What prompted the September 6th energy emergency? Here’s what ERCOT says

HOUSTON – The Electric Reliability Council of Texas (ERCOT) instituted an Energy Emergency Alert on September 6, but avoided calling for controlled outages to keep the grid in balance.

ERCOT officials told KPRC 2, “The low power reserve condition was due to a variety of factors that included continued high temperatures, very high demand (all-time September peak) relatively low wind output, end-of-day solar generation down ramp, and a transmission limitation in the south Texas region that restricted the flow of generation out of South Texas to the rest of the grid.”

“What happened Wednesday is we had the toughest situation the grid has faced even though it wasn’t quite as hot as it was in August,” said Rice University environmental engineering professor Daniel Cohan.

Cohan calls it the “sunset squeeze.” Solar power is tapering off as nighttime wind power from West Texas is ramping up, along with natural gas, coal and nuclear.

“Usually when the sun is setting, we have over half our electricity coming from natural gas, so it was absolutely crucial,” said Cohan.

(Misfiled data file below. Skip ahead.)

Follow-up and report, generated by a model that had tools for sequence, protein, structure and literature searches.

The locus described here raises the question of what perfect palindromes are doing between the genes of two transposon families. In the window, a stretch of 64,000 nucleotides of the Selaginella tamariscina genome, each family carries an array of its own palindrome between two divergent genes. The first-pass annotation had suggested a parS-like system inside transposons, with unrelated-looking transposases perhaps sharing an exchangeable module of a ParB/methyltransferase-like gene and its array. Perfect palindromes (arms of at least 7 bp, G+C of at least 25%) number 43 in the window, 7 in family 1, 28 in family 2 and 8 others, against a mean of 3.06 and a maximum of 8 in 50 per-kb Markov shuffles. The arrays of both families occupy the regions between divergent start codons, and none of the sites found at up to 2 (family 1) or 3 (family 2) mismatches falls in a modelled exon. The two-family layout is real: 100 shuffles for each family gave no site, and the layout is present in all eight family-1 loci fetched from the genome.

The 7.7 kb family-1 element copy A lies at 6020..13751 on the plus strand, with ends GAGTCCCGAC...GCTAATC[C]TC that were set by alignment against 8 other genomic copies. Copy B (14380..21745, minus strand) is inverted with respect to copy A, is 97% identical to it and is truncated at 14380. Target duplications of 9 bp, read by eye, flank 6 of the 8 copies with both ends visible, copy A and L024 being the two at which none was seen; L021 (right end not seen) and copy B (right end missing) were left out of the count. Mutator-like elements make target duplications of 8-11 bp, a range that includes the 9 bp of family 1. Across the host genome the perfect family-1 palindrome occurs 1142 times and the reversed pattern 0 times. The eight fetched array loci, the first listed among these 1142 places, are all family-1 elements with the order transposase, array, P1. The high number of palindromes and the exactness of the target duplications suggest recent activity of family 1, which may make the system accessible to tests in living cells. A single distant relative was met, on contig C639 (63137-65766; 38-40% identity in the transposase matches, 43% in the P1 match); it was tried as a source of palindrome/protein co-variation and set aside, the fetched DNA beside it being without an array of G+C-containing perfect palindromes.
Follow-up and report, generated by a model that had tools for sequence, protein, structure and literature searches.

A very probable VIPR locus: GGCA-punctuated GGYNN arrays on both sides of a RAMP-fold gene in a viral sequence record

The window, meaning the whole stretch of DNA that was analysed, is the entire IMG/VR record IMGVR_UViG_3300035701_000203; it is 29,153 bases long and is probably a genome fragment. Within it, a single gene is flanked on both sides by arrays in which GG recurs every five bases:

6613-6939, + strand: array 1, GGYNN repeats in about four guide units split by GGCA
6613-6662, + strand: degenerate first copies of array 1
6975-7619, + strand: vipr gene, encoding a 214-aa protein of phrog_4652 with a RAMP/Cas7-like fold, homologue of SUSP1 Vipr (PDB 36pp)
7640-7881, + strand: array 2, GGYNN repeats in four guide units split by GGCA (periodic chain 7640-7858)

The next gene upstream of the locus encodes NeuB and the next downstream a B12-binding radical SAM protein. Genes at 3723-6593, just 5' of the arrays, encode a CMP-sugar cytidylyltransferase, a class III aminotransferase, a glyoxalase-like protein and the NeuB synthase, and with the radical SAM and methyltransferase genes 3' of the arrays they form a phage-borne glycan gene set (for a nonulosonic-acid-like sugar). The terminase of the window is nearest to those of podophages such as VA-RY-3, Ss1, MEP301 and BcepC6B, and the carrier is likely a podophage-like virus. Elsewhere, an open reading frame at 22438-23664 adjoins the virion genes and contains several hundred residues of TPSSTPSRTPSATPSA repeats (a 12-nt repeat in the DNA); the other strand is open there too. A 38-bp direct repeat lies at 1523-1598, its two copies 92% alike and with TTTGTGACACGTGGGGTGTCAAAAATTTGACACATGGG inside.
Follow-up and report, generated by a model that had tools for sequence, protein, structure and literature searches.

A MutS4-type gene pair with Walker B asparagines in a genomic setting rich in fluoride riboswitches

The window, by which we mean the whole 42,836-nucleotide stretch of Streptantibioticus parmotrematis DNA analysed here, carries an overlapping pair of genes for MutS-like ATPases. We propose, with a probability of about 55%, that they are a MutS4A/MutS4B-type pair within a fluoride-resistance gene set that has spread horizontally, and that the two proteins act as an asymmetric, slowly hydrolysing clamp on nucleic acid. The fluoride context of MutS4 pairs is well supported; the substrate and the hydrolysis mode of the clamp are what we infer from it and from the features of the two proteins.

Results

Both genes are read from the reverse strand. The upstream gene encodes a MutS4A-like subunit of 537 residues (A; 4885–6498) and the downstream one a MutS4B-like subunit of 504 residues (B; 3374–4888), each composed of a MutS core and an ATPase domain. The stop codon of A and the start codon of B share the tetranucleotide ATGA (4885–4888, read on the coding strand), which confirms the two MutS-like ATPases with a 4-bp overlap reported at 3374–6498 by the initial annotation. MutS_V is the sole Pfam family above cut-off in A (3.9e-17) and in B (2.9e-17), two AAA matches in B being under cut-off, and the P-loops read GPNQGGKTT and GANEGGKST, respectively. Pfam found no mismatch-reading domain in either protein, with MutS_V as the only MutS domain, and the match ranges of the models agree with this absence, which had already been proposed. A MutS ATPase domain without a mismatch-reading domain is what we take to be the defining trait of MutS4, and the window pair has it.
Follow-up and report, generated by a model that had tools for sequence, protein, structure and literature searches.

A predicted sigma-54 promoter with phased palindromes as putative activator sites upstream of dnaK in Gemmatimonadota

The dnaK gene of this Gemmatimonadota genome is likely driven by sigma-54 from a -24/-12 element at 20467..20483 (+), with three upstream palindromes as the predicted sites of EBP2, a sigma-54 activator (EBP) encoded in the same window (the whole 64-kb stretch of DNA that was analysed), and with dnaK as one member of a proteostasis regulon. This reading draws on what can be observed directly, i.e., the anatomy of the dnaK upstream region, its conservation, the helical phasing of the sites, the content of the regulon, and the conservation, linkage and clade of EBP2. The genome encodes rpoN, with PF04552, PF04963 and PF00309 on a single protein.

Cohan also said afternoon coastal winds typically help meet demand during this time of day.

“South Texas in the summer, what we get most strongly is these afternoon sea breezes, just as it’s the hottest and our air conditioners are running the most,” said Cohan. “The problem that we faced on Wednesday night is we couldn’t bring up as much of the power of those afternoon sea breezes as we could have and really helped the grid.”

ERCOT officials approved a $329.1 million plan at the end of August to increase transmission capacity in South Texas. The project has an estimated completion date of 2027 but still has to be approved by the Public Utility Commission. ERCOT officials believe the project will help alleviate energy bottlenecks in the region. Cohan said ERCOT is facing similar issues in West Texas, where nighttime wind power helps supply the grid.

“ERCOT is working on it but it often takes a few years time to get transmission capacity expanded,” said Cohan.

Cohan said believes the grid is in far better shape than 2 years ago because Texas’ investment in solar and batteries provides more of a cushion.

“This is by far the hottest it’s been any summer since 2011, and of course since the 2011 drought we’ve had 12 years’ worth of growth; people moving to Texas, bitcoin mines, data centers, industry. So we’ve never experienced this many people, this big of an economy hit with this kind of heat wave,” said Cohan.

Lawmakers recently passed a bill to incentivize building more natural gas plants in Texas, but those projects can take three to five years to complete.

About the Author:

Award winning investigative journalist who joined KPRC 2 in July 2000. Husband and father of the Master of Disaster and Chaos Gremlin. “I don’t drink coffee to wake up, I wake up to drink coffee.”